Tree Condition Survey or Tree Risk Assesment Survey (tree safety)

If you are responsible for trees and tree maintenance, you should  be concerned about tree safety. A Tree Condition Survey or a Tree Risk Survey might be necessary.

In this type of survey, each tree is examined closely for disease and defects.

The report on this survey will give recommendations that will help you to decide what works need to be carried out in order to reduce risks.

In high-risk areas like schools, Tree Risk Surveys have to be carried out frequently, as much as every year.

It is recommended to stagger these surveys due to the changing nature of trees throughout the seasons. Autumn and winter often highlight different problems to spring and summer.


Benefits of Tree Risk Surveys

There are many benefits to getting Tree Risk Surveys.

Though you can never guarantee that a tree is 100% safe, if you monitor a tree’s condition and take the necessary corrective action when required, the risks are significantly reduced.

Being proactive in your approach to managing trees often means a reduction in costs since remedial works are often cheaper.


Pre-purchase Tree Report and Survey

If you are looking at buying or selling a property, you might need a tree survey that will be able to assess the risk of subsidence and tree failure.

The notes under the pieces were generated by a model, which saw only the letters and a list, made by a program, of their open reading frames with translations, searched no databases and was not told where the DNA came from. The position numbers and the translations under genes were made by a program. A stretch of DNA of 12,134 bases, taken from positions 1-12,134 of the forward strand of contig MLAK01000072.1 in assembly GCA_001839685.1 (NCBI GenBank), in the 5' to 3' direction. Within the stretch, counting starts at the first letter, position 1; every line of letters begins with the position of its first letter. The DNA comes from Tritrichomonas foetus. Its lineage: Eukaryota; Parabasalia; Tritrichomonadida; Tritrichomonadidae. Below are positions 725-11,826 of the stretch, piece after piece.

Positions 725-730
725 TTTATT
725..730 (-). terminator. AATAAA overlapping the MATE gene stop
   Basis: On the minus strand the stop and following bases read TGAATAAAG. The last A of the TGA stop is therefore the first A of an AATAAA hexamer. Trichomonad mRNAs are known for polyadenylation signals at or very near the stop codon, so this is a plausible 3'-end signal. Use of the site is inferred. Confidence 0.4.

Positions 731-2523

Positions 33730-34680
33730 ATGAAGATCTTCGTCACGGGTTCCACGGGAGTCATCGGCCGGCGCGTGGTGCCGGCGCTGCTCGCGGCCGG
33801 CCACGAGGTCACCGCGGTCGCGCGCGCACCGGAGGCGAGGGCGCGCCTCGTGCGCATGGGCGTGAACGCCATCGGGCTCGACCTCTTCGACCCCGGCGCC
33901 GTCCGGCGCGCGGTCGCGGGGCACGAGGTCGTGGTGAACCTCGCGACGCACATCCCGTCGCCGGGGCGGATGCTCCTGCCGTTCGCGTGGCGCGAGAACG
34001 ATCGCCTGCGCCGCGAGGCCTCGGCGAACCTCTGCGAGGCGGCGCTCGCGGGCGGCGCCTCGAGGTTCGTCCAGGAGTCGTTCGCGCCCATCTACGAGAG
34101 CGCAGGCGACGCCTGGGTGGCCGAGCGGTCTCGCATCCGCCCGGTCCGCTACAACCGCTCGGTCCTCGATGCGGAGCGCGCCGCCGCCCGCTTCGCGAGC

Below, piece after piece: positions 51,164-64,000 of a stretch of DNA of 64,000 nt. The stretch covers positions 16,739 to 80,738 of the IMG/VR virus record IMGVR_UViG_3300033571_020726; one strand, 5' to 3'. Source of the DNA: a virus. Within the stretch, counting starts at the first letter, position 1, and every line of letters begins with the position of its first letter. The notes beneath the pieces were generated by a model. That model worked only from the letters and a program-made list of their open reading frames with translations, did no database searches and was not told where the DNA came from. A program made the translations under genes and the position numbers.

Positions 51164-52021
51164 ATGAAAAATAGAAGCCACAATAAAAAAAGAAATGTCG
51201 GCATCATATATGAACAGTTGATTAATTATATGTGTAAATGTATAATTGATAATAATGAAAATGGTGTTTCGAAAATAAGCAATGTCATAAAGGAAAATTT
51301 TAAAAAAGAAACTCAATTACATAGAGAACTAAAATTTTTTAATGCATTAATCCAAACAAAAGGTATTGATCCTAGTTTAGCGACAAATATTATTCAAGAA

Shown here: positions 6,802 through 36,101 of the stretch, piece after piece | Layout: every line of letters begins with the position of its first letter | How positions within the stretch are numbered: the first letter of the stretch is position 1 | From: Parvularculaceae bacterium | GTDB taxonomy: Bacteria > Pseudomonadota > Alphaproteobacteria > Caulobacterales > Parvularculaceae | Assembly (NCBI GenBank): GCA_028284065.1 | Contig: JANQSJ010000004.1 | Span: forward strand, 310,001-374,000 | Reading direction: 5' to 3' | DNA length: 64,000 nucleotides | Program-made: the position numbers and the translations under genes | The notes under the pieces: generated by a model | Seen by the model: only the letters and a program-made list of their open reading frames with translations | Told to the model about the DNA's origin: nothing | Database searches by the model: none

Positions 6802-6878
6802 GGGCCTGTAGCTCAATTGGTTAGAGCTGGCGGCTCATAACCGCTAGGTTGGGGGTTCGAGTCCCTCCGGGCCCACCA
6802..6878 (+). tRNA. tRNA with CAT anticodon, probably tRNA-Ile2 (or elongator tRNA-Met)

This is a survey that will include trees that are within a distance of being able to influence the property. The report will give recommendations on reducing the risk.


Tree Report and Survey to Manage Subsidence

If subsidence has occurred, a tree report and survey can determine which trees are responsible for causing the subsidence. This tree report will also show you how to reduce risk in the future.


Tree Preservation Orders

Under the Countryside and Rights of Way Act 2000, local authorities have the power to create TPOs (Tree Preservation Orders).

This could be on an individual tree, a group of trees or an entire woodland.

The purpose of a Tree Preservation Order is to protect any tree against removal or bad pruning that might result in a loss of amenity.


Legal and Expert Witness – Litigation

If trees might have caused damage to property or people, a survey is often carried out to report to the court of law.


Article was written by Louise W.

Edited by Conner D on 16/07/2019.

Article Source: https://www.graftingardeners.co.uk/what-is-a-tree-survey/

One comment on “What is a Tree Survey?”

  1. I need a pre-purchase tree report and survey for trees in front of house, which might be causing structural damage for the property. Property is in Wembley Park area